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Events > 2017

The End of Romanticism: Caitlin Hulcup & Lada Valesová

20 October 2017, 13:10

Lunchtime Recital


Thumbnail of Holywell Music Room

Holywell Music Room

Holywell St

This programme features songs from the very height of Romanticism: richly tonal early Schoenberg, Berg’s Seven Early Songs and songs by Zemlinsky and Korngold. Mezzo Caitlin Hulcup, recently described as ‘magnificent’ by the Guardian, and pianist Lada Valešová also include a handful of songs by Egon Wellesz, an Austrian Jewish émigré composer who settled in Oxford in 1938, becoming a fellow of Lincoln College and a major influence on the study of music in the city.

Artist Portrait

Caitlin Hulcup

Caitlin Hulcup

Mezzo soprano

Caitlin Hulcup is an Australian mezzo soprano performing internationally in concert, recital and opera. Her repertoire features major Handel, Rossini, Strauss and Mozart roles. Performances of the title role in Handel's Ariodante at the Barbican London and Teatro Real in Madrid with Les Talens Lyriques brought critical acclaim early in her career, and she went on to sing the role at the Händel Festspiele Halle, the Bayerische Staatsoper in Munich, Scottish Opera, and at Theater an der Wien. She has sung the roles of Rosina Il ba... Read Full Biography
Artist Portrait

Lada Valešová

Lada Valešová


Lada Valešová’s debut CD of Czech Piano Music Intimate Studies, followed by her second album Dumka on Avie Records label have received universal international critical acclaim. Half Czech and half Russian, and having lived and worked in London for the last twenty years, Lada enjoys exploring and presenting to the public lesser known repertoire with Slavic and middle European links. Her latest CD Fata Morgana: Song by Pavel Haas has been released in March 2017 on Resonus Classics label, and chosen to be a CD of the Mont... Read Full Biography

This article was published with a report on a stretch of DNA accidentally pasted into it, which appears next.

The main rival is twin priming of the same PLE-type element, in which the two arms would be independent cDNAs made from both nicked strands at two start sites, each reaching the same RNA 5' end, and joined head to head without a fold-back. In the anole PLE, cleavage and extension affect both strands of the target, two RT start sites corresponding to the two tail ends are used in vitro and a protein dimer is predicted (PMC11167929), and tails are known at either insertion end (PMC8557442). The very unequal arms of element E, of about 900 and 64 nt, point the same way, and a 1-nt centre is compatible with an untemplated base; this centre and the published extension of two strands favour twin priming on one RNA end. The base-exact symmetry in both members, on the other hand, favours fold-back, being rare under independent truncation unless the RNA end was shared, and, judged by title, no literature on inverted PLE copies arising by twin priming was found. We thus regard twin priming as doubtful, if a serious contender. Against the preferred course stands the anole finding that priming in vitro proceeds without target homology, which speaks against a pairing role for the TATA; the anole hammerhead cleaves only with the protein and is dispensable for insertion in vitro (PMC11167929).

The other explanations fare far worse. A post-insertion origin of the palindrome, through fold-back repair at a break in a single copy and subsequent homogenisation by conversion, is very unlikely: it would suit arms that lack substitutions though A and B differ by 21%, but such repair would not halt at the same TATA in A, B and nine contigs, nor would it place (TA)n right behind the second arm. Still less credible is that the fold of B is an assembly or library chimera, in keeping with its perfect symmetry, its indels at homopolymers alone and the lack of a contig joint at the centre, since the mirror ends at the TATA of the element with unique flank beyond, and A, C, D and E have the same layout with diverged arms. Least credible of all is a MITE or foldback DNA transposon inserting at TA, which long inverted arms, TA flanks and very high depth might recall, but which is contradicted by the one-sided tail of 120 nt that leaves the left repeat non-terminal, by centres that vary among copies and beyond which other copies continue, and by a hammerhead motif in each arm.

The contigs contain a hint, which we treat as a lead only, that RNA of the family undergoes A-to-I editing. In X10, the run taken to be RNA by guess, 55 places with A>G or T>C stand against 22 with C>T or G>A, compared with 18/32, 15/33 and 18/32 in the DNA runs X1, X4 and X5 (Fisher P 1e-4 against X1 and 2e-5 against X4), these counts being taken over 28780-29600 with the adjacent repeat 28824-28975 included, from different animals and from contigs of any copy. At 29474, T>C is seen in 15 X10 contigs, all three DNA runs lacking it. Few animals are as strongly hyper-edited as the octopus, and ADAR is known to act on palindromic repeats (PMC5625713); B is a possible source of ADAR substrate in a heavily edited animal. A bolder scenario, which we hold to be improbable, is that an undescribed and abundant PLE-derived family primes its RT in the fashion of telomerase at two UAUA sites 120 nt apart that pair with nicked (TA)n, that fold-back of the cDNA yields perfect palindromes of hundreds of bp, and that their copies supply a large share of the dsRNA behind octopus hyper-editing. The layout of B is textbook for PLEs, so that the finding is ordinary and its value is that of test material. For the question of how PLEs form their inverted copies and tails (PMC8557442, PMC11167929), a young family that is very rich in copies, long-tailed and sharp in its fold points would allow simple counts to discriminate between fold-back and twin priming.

This event is part of a series:

The Last of the Romantics - Mahler and fin-de-siècle Vienna

Please click here to view the full Festival brochure.    Vienna at the turn of the twentieth century was a vibrant melting pot for music and the arts. Whirling waltzes sat alongside gargantuan symphonies. The height of romanticism had been reached but was nearly exhausted and on the brink of a whole new musical language. Tradition - with Brahms a holder of the torch - ...

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